What the heck is Comirnaty? Or Tozinameran?

Well, for sure it is a rough start into 2021. But the Covid-19 vaccinations, however slow they are in many places, give some hope. I was asked to write something on this subject. After all, the vaccines developed so rapidly by Moderna, BionTech and Pfizer are RNA vaccines. So are they giving us a gene? And what does that mean?

Tozinameran is the generic name of a modRNA vaccine against Covid-19

The aim of this article is to focus on the vaccine that BioNTech developed in collaboration with Pfizer, literally in a “lightspeed” operation. This is the name of the program that was launched on January 10, 2020, with the publication of the genome of the new SARS-CoV2 by the Chinese Center for Disease Control and Prevention. The first approvals were granted in December 2020. In the course of this, the child also gets a real name. Because BNT162b2, as the vaccine was called during development, is really not a reasonable name, except maybe for a second child of Elon Musk and Grimes. BioNtech and Pfizer, however, will from now on sell their product as a Comirnaty. In addition to the brand name, an international non-proprietary name (INN) is also assigned to each newly approved medical product. This generic name for the Covid-19 vaccine is Tozinameran.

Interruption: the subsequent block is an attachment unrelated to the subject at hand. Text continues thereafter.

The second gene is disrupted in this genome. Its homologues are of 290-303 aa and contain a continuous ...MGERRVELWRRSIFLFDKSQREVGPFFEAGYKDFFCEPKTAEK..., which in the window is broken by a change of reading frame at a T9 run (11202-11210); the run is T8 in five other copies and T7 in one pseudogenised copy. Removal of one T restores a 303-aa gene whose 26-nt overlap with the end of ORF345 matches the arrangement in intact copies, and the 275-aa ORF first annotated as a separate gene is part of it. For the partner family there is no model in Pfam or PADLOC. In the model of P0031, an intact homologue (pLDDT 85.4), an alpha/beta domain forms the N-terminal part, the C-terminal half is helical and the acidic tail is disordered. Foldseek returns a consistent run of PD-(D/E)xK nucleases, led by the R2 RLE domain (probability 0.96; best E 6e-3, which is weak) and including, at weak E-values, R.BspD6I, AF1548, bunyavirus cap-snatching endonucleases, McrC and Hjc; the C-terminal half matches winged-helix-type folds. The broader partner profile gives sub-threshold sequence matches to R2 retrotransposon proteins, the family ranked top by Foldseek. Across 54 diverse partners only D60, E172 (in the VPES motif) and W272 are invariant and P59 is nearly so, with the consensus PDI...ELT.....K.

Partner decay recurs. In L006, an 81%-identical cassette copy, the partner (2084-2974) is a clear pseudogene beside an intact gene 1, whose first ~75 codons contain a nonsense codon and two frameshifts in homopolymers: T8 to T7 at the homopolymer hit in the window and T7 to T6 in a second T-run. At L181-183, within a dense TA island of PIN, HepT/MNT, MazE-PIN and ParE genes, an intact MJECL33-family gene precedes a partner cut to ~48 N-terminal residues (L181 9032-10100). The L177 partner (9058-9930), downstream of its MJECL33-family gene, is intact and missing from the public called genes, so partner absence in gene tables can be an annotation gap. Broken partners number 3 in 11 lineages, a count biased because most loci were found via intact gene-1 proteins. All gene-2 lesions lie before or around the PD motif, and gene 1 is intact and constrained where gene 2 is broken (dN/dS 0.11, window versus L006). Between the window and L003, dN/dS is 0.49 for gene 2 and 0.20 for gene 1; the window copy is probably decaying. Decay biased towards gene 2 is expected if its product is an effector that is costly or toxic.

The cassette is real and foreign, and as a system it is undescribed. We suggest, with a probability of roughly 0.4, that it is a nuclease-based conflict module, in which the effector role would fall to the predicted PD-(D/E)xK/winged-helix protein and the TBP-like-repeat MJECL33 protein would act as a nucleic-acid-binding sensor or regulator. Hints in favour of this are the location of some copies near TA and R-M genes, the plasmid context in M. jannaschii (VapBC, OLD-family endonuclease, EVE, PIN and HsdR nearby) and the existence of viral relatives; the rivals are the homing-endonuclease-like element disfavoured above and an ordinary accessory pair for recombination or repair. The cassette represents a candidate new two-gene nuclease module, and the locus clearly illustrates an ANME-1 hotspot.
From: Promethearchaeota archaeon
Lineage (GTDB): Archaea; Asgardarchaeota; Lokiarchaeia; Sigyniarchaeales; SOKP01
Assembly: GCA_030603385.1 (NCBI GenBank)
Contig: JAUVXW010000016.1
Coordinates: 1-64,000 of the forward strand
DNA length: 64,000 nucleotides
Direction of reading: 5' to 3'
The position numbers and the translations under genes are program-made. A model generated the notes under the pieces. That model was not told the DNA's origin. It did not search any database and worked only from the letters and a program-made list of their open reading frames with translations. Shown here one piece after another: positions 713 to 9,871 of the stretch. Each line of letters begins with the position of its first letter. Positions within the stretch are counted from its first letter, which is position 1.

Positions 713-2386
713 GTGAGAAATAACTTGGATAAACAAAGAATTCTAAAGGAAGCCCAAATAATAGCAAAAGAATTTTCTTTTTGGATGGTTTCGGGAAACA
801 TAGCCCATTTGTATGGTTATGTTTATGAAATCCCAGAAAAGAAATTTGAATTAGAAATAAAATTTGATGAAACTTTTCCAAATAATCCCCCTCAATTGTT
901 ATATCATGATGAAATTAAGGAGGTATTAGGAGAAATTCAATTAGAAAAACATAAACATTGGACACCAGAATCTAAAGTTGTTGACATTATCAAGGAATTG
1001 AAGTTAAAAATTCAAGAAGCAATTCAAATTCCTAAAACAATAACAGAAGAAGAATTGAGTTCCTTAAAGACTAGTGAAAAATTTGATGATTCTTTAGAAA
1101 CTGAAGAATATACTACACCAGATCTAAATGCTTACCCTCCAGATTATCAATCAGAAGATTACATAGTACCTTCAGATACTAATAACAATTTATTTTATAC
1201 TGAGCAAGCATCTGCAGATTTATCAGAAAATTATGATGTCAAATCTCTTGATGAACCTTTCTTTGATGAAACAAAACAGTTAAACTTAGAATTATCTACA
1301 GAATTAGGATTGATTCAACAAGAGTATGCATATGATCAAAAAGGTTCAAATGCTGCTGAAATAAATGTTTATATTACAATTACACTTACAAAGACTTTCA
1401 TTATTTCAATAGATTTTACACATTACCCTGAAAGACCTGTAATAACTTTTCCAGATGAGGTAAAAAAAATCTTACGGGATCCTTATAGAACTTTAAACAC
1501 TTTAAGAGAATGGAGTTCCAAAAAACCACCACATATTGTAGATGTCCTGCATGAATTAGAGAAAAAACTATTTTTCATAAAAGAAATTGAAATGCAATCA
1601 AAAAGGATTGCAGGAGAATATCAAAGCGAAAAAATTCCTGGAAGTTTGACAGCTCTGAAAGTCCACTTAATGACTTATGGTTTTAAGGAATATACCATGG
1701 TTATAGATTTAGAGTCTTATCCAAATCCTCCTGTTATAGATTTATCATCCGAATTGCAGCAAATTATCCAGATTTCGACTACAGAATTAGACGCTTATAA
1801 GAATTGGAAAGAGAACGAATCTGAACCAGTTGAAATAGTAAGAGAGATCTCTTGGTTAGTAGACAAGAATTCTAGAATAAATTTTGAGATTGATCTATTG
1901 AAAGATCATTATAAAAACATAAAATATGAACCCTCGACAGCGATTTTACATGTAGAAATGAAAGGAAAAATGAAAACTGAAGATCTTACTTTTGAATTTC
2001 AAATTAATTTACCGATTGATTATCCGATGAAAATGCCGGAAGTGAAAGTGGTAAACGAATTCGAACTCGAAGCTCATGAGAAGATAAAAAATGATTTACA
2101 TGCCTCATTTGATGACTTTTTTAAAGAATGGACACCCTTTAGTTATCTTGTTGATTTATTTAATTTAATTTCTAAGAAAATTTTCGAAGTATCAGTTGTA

So what is Tozinameran? The active ingredient is known to be RNA, more precisely it is messenger RNA (mRNA). mRNA is the messenger; It is a copy of a gene in the DNA that migrates from the cell nucleus into the cytoplasm, where it serves as a template for the construction of a protein. While DNA is made up of the bases A, C, G and T, in RNA A, C, G and U are used. But if you look at the sequence of Tozinam eran, it looks like this: GAGAAΨAAAC ΨAGΨAΨΨCΨΨ CΨGGΨCCCCA CAGACΨCAGA GAGAACCCGC CACCAΨGΨΨC GΨGΨΨ… (the first 65 of a total of 4284 nucleotides are shown; the entire code can be found here at WHO). Instead of the expected U one finds this strange phi, Ψ. What’s going on here?

Conventional uridine (left) as a component of RNA and pseudouridine (right). Pseudouridine (Ψ) synthase can convert uridine into pseudouridine after transcription.

The Phi in the RNA code stands for pseudouridine. Pseudouridine is a modified uridine in which the uracil is not bound to the ribose with the usual C-N bond, but instead with a C-C bond. Thus, Tozinameran is a so-called nucleoside modified mRNA, or modRNA for short. This is because our body actually has a number of immune defense mechanisms against foreign RNA. However, these mechanisms react only to a very limited extent to the modified RNA, which is why most vaccinated persons do not have the strong immune response that would be triggered by normal RNA.

How tozinameran ends up in our cells and what happens there